Understanding your animal's (bad) behaviour | All Creatures Healing

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Understanding your animal's (bad) behaviour


I often receive calls from animal owners who are concerned that their horse is bucking and rearing, their dog is growling or their cat is hissing whenever they try to touch them. Many owners are quick to chalk these things up to an animal misbehaving. However, in my experience treating animals, an animal's behaviour is usually their way of communicating that something is wrong.

After all, when animals have aches and pains, how do they tell us that they are sore? Typically, they tell us through their behaviour. So, when you notice an animal's so-called 'bad behaviour', you may in fact be picking up on their physical discomfort. Allow me to illustrate with two case studies of animals I have worked with.


When a horse owner rang and complained that their horse was bucking, I went to see the horse. I collected his history, completed a visual assessment of his movement and also identified sore areas in his muscles though palpation.

The horse had sore points around his head indicating sharp teeth (Note: horses need yearly dental checks by a trained equine dentist), a stiff neck, tight pectoral muscles, trigger points in his wither and trapezius muscles, low back pain and tight hamstrings. The muscle soreness suggested that the horse had a poor fitting saddle.

When I went to check the saddle fi t on the horse, the horse's ears were back before the saddle was any where near his back, a strong indication that it was one cause of the soreness. As I put the saddle on the horse's back, it reared, further suggesting that the saddle fit was causing the horse extreme discomfort.

I treated the horse with Bowen therapy and neuromuscular stimulation to release the sore muscles in his back, hamstrings, neck and shoulders. For the pressure in his head, I used some craniosacral. With the pressure in his head eased, the horse was fi t for a dentist appointment, which I suggested to the owner. I also suggested the owner invest in a new saddle with specifications to suit the individual horse.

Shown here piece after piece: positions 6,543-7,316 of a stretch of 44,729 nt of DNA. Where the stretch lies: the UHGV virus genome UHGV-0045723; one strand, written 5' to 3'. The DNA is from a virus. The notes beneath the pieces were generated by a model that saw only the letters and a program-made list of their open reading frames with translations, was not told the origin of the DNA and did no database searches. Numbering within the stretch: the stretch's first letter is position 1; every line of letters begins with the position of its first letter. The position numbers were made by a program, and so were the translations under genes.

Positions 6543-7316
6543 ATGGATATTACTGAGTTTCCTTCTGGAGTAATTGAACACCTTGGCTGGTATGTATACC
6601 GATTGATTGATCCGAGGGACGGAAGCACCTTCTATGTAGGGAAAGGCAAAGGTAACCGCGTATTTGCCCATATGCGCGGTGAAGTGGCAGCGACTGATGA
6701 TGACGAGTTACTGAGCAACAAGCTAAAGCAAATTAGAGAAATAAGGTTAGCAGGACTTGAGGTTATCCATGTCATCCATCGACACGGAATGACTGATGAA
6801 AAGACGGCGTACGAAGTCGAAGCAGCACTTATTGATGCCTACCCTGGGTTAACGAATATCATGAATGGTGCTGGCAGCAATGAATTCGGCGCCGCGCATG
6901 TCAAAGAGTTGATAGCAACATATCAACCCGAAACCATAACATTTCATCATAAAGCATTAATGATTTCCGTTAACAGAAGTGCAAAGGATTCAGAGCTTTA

When I returned to see horse and rider 10 days later, the owner commented on how relaxed the horse was since the treatment. The farrier (the person who looks after the horse's feet) had come to visit and said the horse had been more obliging and the feet easier to trim. The owner had also had a new saddle fitted. I treated the horse again and have continued to see it for regular check ups every couple of months. Over the 2 years since I first treated the horse, its problem with bucking has not recurred. As the horse owner learned, by understanding why the horse was bucking, we could not only correct the behaviour, but ensure the horse was more comfortable and properly cared for. 


I was at an expo when I fi rst met a 4 year old beagle and its owner. The owner explained to me that the beagle yelped when he went to pick it up, growled at the other dog in the family and generally lacked enthusiasm. The owner said the behaviour had been getting worse over the past few months. I had the owner walk the dog around so that I could see its movement. The beagle seemed to be walking sideways rather than in a straight line. This suggested the beagle was sore and probably 'behaving badly' because he was in pain. I gave the beagle a mini Bowen treatment and told the owner to monitor the beagle over the next week for any changes in movement or behaviour and then bring him in for a follow up at the clinic.

I saw the little beagle again about 3 weeks after the expo and the owner said that for the two weeks after the expo he had been playing with the other dog in the family and not yelped while being picked up, but he seemed to be a little touchy in the hind end now. I treated the dog's hips, hamstrings, spinal muscles, abdominals and shoulders. The soreness seemed predominately on his right side, which probably explained his tendency to walk sideways. After another follow up in a fortnight, the beagle was able to walk straight, run and jump and his behavioural problems had not recurred. 

As the owners in these two cases learned, animals can't communicate to their owners with words, and it is up to owners to learn how to listen to an animal's behaviour. So, if you do have issue with how your animal is behaving, it's a good idea to take them to the your animal therapist or vet to check that pain isn't the cause.  By identifying what your animal is trying to communicate through their behaviour, you can improve not only your animal's behaviour but also their quality of life.

Sylvana Miller of All Creatures Healing is a certified Bowen therapist who has also trained in a range of other natural therapies and takes a holistic approach to animal healing.

Written by Sylvana Miller on 1 March 2010